Cokie Roberts died today. That’s a bigger deal to me than any of the recent Rock’n’Roll deaths.

NPR did a long feature on it, of course. One bit of it  (her remark on how hugely politics has changed) prompted this thought: maybe today’s news is so stultifying because events themselves, especially in government, keep getting stupider and stupider. Just how does one cover Donald Trump intelligently?

Combined with the theory that we get the government we deserve, that’s a bit depressing, no?

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I sought to understand, but it was too hard for me, until I went into the sanctuary of God; then understood I their end.

(Psalm 72:15-17, Adapted from the Miles Coverdale Translation, from A Psalter for Prayer)

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You can read most of my more impromptu stuff at here. It should work in your RSS aggregator, like Feedly, should you want to make a habit of it.

I highly recommend blot.im as a crazy-easy alternative to Twitter (if you’re just looking to get your stuff “out there” and not pick fights).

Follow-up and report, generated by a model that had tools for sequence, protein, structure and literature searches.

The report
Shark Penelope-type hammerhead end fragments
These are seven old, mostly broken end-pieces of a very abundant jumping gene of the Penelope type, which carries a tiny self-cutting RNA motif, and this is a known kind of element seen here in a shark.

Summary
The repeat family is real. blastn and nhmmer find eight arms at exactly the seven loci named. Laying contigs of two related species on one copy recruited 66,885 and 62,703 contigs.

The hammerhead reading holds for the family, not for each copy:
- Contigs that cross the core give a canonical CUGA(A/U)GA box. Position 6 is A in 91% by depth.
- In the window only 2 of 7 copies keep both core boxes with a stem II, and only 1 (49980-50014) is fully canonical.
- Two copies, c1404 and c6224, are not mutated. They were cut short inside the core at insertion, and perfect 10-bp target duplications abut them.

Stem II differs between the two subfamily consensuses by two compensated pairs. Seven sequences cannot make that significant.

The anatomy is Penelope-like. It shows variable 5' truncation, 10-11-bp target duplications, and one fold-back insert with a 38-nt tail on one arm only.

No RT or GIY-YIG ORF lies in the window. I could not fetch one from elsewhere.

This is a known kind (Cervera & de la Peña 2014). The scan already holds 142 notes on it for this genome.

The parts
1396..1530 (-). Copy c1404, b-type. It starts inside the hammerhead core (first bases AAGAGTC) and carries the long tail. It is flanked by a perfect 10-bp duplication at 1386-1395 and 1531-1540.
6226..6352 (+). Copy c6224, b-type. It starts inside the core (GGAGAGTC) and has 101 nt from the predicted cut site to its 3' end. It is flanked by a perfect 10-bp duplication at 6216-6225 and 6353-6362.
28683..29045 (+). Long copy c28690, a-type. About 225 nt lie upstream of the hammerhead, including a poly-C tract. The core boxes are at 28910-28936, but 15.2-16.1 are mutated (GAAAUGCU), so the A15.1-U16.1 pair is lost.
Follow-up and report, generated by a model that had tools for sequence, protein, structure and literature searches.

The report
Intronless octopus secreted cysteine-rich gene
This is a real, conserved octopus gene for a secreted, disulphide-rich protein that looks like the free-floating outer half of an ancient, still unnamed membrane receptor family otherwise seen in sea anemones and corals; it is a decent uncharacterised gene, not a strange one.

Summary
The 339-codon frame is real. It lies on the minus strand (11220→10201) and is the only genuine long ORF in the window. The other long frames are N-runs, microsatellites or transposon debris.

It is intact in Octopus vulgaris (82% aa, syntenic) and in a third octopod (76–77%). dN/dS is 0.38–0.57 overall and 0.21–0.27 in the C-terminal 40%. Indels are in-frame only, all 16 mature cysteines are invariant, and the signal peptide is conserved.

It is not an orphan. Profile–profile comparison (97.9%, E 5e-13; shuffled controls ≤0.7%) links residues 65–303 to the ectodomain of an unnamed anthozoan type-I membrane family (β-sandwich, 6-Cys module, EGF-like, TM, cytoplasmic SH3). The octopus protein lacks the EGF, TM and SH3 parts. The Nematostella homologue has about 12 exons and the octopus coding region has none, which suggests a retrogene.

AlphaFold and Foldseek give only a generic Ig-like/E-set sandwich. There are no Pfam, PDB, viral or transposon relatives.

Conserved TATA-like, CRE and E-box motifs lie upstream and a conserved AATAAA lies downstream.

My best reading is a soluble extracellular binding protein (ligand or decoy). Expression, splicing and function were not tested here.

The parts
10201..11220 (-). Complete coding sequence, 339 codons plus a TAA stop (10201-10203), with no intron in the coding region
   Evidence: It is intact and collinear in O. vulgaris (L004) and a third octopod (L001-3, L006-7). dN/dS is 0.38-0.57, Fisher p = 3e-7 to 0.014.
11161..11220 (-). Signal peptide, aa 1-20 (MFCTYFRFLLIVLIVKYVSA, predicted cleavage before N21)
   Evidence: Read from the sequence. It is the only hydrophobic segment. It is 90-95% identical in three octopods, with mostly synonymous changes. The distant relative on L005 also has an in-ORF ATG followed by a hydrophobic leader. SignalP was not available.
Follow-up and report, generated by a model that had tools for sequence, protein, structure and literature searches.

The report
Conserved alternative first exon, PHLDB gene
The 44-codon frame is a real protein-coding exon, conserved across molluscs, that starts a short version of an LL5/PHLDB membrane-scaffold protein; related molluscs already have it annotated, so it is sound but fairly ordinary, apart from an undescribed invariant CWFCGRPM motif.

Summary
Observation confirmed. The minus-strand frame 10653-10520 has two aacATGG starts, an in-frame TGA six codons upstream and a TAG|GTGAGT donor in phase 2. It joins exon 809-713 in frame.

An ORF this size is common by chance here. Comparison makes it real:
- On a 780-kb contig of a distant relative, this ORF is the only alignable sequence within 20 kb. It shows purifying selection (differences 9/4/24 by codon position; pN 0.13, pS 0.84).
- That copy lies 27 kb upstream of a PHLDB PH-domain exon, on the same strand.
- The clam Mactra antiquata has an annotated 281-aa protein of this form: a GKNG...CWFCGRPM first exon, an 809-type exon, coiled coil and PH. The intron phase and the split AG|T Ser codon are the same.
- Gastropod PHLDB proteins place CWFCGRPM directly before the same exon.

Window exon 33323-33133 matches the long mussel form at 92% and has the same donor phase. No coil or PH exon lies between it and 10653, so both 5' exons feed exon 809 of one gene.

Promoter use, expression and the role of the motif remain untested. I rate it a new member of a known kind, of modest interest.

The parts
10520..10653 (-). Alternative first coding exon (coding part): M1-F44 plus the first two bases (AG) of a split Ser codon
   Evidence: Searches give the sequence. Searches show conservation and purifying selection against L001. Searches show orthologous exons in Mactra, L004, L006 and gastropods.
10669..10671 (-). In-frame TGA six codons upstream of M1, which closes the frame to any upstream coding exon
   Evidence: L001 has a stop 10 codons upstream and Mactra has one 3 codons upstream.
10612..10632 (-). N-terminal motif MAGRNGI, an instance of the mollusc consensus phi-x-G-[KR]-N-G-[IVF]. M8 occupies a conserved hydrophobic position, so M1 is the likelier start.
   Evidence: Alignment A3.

Trump in Evangelical Texas

Wahington Post’s Elizabeth Breunig went to Texas around Easter to visit Evangelical family and try to figure out the Trump-Evangelical bond.

“I give to everybody,” [Trump] declared in 2015, during the first Republican primary debate. “When they call, I give. And you know what? When I need something from them, two years later, three years later, I call them. They are there for me.” For a frustrated conservative wondering why Republican presidents had never seemed to make good on their promises to evangelicals while their cultural cachet continued to slip, Trump’s blatant indictment of corrupt, money-driven politics must have seemed refreshingly honest — even if part of his admission was that he himself participated in it.

“I really think one of the things that’s changed since I did my fieldwork at the very end of the Bush administration is a rejection of politics in general as a means to advance the common good, even in a conservative vein.” In that case, politics “becomes a bloodsport, where you’re punishing and striking back at people you don’t like” without much hope of changing anything.